DEAN DEVLIN: It was one of these where we wanted to go out with a bang. We wanted to end Season Two with something really memorable. We were very proud of the two-part season finale in the first season. There was a general feeling that we couldn’t beat it. And I kept saying, “we’ve got to beat it.” And John came up with this show that was really big, and it was bigger than we could afford. We called the network and said, “we need some extra money to pull it off, what do you think?” And they said, “we’ll give you a little extra to pull it off,” and getting that extra support gives us the chance to do a little more. Continue reading Exclusive Interview ith Leverage Producer/Director

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TV Review: LEVERAGE – SEASON TWO – ‘The Future Job’

The team takes down a fake psychic and deliver another solid episode
Grade: B
By MARY BRYAN (Source)

The LEVERAGE team unravels a scam most of us have heard of – fake psychics – in this week’s episode “The Future Job.” Dalton Rand is a faux psychic with a local television show with his eye on the prize of a network deal, using his abilities as a con man to cheat his way to fame. When a concerned brother of one of Rand’s customers tells Nate (Timothy Hutton) about what’s been going on, the Leverage team devises a plan to bring this man down.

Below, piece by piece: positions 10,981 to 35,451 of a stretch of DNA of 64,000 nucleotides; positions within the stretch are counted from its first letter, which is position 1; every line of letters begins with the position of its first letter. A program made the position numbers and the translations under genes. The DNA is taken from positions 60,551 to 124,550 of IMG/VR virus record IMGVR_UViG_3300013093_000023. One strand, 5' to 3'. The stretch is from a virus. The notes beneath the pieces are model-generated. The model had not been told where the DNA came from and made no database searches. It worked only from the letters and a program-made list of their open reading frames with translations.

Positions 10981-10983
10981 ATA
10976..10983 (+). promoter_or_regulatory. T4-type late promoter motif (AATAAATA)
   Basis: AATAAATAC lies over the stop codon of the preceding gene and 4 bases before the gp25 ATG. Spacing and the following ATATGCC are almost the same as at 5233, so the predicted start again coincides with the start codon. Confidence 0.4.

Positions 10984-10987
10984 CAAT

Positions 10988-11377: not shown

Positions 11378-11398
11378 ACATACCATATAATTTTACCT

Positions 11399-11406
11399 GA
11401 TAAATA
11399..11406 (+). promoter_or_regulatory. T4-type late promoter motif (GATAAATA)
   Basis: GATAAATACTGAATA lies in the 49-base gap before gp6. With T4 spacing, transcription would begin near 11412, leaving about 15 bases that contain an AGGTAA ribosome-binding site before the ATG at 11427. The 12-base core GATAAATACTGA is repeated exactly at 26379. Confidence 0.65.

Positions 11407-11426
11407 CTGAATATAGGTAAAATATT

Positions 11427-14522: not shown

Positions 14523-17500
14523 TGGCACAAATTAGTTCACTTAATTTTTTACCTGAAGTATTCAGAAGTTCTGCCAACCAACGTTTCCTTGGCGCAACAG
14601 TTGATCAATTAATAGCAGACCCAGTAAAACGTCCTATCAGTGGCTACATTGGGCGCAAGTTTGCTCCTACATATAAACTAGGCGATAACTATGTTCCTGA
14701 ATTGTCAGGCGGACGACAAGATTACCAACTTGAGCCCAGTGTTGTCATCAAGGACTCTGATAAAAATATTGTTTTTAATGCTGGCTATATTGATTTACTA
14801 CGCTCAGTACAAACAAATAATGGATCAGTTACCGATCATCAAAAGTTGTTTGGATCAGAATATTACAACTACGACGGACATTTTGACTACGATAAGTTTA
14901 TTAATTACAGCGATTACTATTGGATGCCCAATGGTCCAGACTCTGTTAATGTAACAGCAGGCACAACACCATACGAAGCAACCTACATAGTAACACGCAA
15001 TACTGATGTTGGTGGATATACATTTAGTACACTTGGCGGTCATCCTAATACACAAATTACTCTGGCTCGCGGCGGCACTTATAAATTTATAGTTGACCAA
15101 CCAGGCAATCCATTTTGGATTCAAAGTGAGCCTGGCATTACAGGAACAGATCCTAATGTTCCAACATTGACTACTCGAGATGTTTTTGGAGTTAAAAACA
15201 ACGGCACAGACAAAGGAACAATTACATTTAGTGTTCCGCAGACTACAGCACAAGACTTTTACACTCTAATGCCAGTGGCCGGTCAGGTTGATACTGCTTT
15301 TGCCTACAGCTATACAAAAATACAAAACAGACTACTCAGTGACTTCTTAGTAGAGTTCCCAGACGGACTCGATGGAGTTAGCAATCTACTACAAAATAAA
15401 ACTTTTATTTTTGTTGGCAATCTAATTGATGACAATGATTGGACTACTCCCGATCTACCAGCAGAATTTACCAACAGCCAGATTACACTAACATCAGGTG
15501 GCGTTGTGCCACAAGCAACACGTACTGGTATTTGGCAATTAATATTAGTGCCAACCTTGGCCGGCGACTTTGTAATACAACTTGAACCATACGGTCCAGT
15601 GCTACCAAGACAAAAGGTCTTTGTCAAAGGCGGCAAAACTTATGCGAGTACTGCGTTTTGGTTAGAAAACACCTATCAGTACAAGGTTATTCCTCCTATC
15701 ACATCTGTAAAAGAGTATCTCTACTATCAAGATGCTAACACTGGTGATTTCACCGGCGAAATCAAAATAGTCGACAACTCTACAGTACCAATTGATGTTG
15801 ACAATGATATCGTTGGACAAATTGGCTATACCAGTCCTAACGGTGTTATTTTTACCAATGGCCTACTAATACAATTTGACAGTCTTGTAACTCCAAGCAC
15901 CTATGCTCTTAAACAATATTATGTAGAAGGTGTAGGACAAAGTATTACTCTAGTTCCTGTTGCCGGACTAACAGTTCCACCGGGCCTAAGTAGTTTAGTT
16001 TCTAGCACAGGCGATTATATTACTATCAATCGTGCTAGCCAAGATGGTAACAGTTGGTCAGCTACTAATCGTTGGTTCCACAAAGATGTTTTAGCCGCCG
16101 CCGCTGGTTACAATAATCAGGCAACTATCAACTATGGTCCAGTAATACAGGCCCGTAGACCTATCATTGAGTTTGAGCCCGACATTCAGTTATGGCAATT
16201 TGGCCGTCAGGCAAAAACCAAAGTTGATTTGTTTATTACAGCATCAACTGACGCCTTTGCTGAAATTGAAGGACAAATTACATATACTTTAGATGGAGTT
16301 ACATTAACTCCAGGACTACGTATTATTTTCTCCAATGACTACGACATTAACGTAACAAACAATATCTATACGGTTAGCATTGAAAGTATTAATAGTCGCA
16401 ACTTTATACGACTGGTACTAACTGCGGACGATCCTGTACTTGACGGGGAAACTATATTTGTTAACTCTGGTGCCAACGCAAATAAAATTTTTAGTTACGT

Continue reading TV Review: LEVERAGE – SEASON TWO – ‘The Future Job’

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Review: LEVERAGE ‘The Zanzibar Marketplace Job’

TV Review: LEVERAGE – SEASON TWO – ‘The Zanzibar Marketplace Job’

By Mary Bryan (Source)

An old enemy is back seeking help from the team in yet another amazing episode Grade: A-

This week’s episode of LEVERAGE, “The Zanzibar Marketplace Job”, started out with a bang with the return of Sterling (Mark Sheppard) – the man who, despite everything, still always manages to win in the end. The only thing he didn’t seem to win in this episode though was the fight with Eliot (Christian Kane). But to be fair, not many people come close to matching Eliot, and especially not a sneaky IYS insurance investigator. That was one fight we’ve all been waiting for since the finale of Season One.